Phi Phi is #1

Koh Phi Phi Travel Blog

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work as usual, with matilda and lena
Phi Phi, I should clarify, is pronounced "Pee Pee." (Yes, it's true. Go ahead and giggle like a schoolboy.) Which has lead me to new ideas for a proposed campaign slogan. I'm thinking, "Phi Phi: A wee little island." Or perhaps, "Phi Phi is #1." I enjoy them both equally, but am still waiting to hear back from the council.

I found my niche on that wee little island in the form of a job. It was also handy in allowing me the chance to eat. After a few days and help from a local connection, I became part of Phi Phi's flyer world. Every night, on every corner, there stands a backpacker thrusting a little piece of paper in your face and rattling off the night's drink specials to anyone who will listen. After the world's shortest interview-- considering the boss didn't speak english and I speak no thai--I could be found roaming Phi Phi's streets, enticing new tourists with promises of free drink buckets and fire shows at Apache.
coworker BooBoo (aka, jack sparrow)

For the first few hours of every shift, I picked a spot on one of the main pedestrian paths, put on a smile, and tried not to feel like an idiot when passersby avoided my outstretched hand like a plate of plague-ridden spiders. Sometimes my spot of choice was in the busy crossroads of the 7-11, with Reggae flyer girls Matilda and Lena as my company. We worked out a system to direct potential customers to their bar for the free shots at the beginning of the night and my bar for buckets and dancing at the end of it. Sometimes I planted directly in front of the bar that showed the movie "The Beach" every other night without fail. After a few days of work, I had successfully seen the movie in its entirety. Sometimes I'd take a brief intermission from all the stress of the flyering business to accept a drink offer from Ben and my buddies at Banana Sombrero.
fire shows of apache
And sometimes, in the midst of all the island networking, I passed out lots of little papers and got people to go to my bar.

On the days that my promotional enthusiasm inevitably waned, I could always count on a bored bystander to show me how its done: Scottish Chris, with an accent I simultaneously loved and struggled to understand; Turkish Aaron and his sick brother's girlfriend (who suspiciously walked a little closer every time I saw them); Marcus from Manchester, who worked the passing ladies while I chatted up the lads. And then there was the three-year-old Thai boy who requested a stack of flyers from me, turned around, and hit up the next people to pass by. He enjoyed it so much and, truth be told, was the best damn flyerer on the island (only a blind, heartless, puppy-kicking monster could turn down a sight as adorable as that big brown-eyed tyke wandering up with an outstretched hand), I had no choice but to relinquish the full load of flyers, sit back, and learn a thing or two from the little man.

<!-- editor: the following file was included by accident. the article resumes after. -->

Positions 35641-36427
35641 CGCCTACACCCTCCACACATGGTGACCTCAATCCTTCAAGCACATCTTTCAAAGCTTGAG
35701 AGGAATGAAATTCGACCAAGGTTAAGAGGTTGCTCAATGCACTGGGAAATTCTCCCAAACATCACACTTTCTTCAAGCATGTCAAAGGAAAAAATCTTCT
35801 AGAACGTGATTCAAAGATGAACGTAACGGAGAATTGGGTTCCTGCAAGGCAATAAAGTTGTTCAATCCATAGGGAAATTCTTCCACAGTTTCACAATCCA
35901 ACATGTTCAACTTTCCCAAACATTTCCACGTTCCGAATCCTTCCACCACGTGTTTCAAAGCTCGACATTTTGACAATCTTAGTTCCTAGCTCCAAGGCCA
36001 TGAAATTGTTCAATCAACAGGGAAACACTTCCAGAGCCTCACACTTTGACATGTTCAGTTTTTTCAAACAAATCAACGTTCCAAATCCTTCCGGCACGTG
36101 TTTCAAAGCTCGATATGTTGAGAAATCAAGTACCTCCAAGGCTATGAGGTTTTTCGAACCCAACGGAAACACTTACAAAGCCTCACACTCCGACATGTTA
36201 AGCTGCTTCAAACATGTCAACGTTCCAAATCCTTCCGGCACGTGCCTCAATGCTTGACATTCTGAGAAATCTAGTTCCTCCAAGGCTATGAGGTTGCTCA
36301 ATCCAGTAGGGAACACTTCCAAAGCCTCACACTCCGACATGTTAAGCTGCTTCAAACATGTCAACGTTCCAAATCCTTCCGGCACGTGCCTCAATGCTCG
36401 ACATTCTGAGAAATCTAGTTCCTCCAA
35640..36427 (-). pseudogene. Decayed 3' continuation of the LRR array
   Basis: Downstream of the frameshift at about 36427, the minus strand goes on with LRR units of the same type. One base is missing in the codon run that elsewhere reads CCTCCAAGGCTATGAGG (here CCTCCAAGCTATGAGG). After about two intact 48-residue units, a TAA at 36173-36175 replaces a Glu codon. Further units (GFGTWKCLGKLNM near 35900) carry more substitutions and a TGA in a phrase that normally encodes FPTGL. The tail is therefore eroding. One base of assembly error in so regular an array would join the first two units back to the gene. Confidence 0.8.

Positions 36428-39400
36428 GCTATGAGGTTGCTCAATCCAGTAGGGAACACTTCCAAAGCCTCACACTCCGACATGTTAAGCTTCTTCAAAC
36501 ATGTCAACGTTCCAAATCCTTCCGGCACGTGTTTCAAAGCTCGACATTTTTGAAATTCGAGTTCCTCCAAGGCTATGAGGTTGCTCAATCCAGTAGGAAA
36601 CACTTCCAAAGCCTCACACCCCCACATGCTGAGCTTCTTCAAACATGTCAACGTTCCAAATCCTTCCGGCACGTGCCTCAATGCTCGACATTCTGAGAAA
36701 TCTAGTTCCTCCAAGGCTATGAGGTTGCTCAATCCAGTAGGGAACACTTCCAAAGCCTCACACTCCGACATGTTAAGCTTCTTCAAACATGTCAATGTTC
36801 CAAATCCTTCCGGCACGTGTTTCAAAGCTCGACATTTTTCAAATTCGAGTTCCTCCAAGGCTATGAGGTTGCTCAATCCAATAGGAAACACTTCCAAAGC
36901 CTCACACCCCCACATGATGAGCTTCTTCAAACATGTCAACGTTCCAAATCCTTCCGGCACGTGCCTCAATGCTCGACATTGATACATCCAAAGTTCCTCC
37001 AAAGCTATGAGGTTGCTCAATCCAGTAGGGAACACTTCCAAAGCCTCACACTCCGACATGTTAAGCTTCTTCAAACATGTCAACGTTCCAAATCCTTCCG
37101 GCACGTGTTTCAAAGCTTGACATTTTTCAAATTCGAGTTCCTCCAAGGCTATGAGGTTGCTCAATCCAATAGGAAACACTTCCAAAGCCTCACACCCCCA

Some might call this child labor. I call it technique trading with an enthusiastic volunteer.

My night ended back at the bar, taking drink orders. Once patrons realized I actually worked there and wasn't just asking if they'd like another drink out of the goodness of my heart, it was also a great way to meet people. I guess I can understand their confusion, considering I was the sole foreigner working among a gang of local Thai boys. There was Bon, A, Boo-Boo, Bau-Bau, YoYo, a few names I can't remember but I'm sure I had to say them twice. And P-Gee, the only other female, who sat behind the bar and took our order money. She loved to talk about me in Thai whenever I was around, knowing I couldn't understand. But I knew it was all good-natured and in fun, so I played along and ate up my role as the smiling farang.

Apache Bar was the place where everyone ended their night. With it's prime beach location and nightly display of fire shows and a full dance floor, it was obvious why. I quickly found my regulars. They kept my spirits up when the newcomers would stare at me in confusion, pondering why this crazy, lonely tourist would be clearing away their empty bottles. The regulars came in without fail, every night they were on the island. It was usually a clump of guys, from England or Israel or Sweden, on a short holiday to a warm island paradise. They would sit in the same spot, order the same drinks and occasionally find a clump of girls, from Ireland or Australia or Sweden, to chat and dance the night away with. If they were nice enough to me (and after multiple days and multiple drinks, they usually were) I rewarded their conversation and tips by personally sending that clump of girls their way.

At the end of every night like this, P-Gee would merrily hand over my 500 Baht of rightfully-earned cash. It sounds impressive, until you realize the exchange rate means that 500 Baht is actually just a little over $15. Little tip for potential employees: Thailand is not the place to work if you're hoping to save for your first house. It did, however, allow me to save every penny I came to Phi Phi with, eat 2-3 large meals a day and even save a little cash for my days after the island. So that, along with the chance to be a part of the island instead of just visit it, made every hour and every cent worth it.

So, in summary: I make $15 a night, I sleep on a mat on the floor, cockroaches smaller than housecats no longer even get a bat of the eye, and I couldn't be happier. I love my life.

*I would have more pictures of the bar and my coworkers, but my camera was lost and stolen on my last night on the island. Boo!
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work as usual, with matilda and le…
work as usual, with matilda and l…
coworker BooBoo (aka, jack sparrow)
coworker BooBoo (aka, jack sparrow)
fire shows of apache
fire shows of apache